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This special Christmas issue follows the much-discussed New Statesman guest edit by the Archbishop of Canterbury, Rowan Williams, in June this year.

The issue, cover-dated 19 December, will go on sale in London on Tuesday 13 December and in the rest of the country from Wednesday 14 December. British and international readers can pre-order single-issue copies through our website from 1pm on Monday 12 December. If you have any purchasing queries, please email Stephen Brasher

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Theresa May’s stage-managed election campaign keeps the public at bay

Jeremy Corbyn’s approach may be chaotic, but at least it’s more authentic.

The worst part about running an election campaign for a politician? Having to meet the general public. Those ordinary folk can be a tricky lot, with their lack of regard for being on-message, and their pesky real-life concerns.

But it looks like Theresa May has decided to avoid this inconvenience altogether during this snap general election campaign, as it turns out her visit to Leeds last night was so stage-managed that she barely had to face the public.

Accusations have been whizzing around online that at a campaign event at the Shine building in Leeds, the Prime Minister spoke to a room full of guests invited by the party, rather than local people or people who work in the building’s office space.

The Telegraph’s Chris Hope tweeted a picture of the room in which May was addressing her audience yesterday evening a little before 7pm. He pointed out that, being in Leeds, she was in “Labour territory”:

But a few locals who spied this picture online claimed that the audience did not look like who you’d expect to see congregated at Shine – a grade II-listed Victorian school that has been renovated into a community project housing office space and meeting rooms.

“Ask why she didn’t meet any of the people at the business who work in that beautiful building. Everyone there was an invite-only Tory,” tweeted Rik Kendell, a Leeds-based developer and designer who says he works in the Shine building. “She didn’t arrive until we’d all left for the day. Everyone in the building past 6pm was invite-only . . . They seemed to seek out the most clinical corner for their PR photos. Such a beautiful building to work in.”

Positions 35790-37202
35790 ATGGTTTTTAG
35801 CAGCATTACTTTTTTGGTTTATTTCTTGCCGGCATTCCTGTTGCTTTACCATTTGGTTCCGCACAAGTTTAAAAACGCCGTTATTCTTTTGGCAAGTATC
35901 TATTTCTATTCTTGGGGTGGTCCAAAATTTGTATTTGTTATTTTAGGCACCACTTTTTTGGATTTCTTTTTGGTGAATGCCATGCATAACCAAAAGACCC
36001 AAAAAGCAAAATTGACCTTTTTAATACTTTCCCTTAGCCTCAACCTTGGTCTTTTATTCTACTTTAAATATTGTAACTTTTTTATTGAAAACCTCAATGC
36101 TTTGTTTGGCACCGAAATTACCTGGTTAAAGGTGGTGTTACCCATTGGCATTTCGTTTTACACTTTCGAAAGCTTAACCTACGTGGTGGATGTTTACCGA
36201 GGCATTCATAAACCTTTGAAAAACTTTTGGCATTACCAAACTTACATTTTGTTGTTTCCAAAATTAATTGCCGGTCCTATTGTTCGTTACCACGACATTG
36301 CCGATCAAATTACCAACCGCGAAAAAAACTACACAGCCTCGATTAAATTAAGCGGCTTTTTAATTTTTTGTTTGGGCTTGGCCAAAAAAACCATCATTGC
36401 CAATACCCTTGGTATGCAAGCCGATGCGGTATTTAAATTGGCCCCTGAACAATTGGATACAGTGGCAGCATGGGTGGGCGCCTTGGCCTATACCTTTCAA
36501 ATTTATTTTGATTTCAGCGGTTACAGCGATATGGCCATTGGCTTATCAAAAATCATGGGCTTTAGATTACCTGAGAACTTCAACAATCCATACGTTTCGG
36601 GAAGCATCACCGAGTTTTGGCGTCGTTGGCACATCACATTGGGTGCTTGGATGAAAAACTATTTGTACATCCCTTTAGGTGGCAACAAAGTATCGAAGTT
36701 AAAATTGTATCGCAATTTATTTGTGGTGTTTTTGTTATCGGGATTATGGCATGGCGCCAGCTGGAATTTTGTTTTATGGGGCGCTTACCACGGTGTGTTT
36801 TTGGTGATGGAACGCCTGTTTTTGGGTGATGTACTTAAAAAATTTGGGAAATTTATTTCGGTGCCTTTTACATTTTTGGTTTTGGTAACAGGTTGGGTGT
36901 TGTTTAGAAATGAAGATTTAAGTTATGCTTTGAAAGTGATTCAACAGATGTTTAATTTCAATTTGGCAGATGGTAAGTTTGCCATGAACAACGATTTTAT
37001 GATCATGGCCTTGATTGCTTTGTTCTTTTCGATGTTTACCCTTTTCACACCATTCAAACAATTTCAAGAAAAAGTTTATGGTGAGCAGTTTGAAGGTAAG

Other tweeters also found the snapshot jarring:

Shine’s founders have pointed out that they didn’t host or invite Theresa May – rather the party hired out the space for a private event: “All visitors pay for meeting space in Shine and we do not seek out, bid for, or otherwise host any political parties,” wrote managing director Dawn O'Keefe. The guestlist was not down to Shine, but to the Tory party.

The audience consisted of journalists and around 150 Tory activists, according to the Guardian. This was instead of employees from the 16 offices housed in the building. I have asked the Conservative Party for clarification of who was in the audience and whether it was invite-only and am awaiting its response.

Jeremy Corbyn accused May of “hiding from the public”, and local Labour MP Richard Burgon commented that, “like a medieval monarch, she simply briefly relocated her travelling court of admirers to town and then moved on without so much as a nod to the people she considers to be her lowly subjects”.

But it doesn’t look like the Tories’ painstaking stage-management is a fool-proof plan. Having uniform audiences of the party faithful on the campaign trail seems to be confusing the Prime Minister somewhat. During a visit to a (rather sparsely populated) factory in Clay Cross, Derbyshire, yesterday, she appeared to forget where exactly on the campaign trail she was:

The management of Corbyn’s campaign has also resulted in gaffes – but for opposite reasons. A slightly more chaotic approach has led to him facing the wrong way, with his back to the cameras.

Corbyn’s blunder is born out of his instinct to address the crowd rather than the cameras – May’s problem is the other way round. Both, however, seem far more comfortable talking to the party faithful, even if they are venturing out of safe seat territory.

Anoosh Chakelian is senior writer at the New Statesman.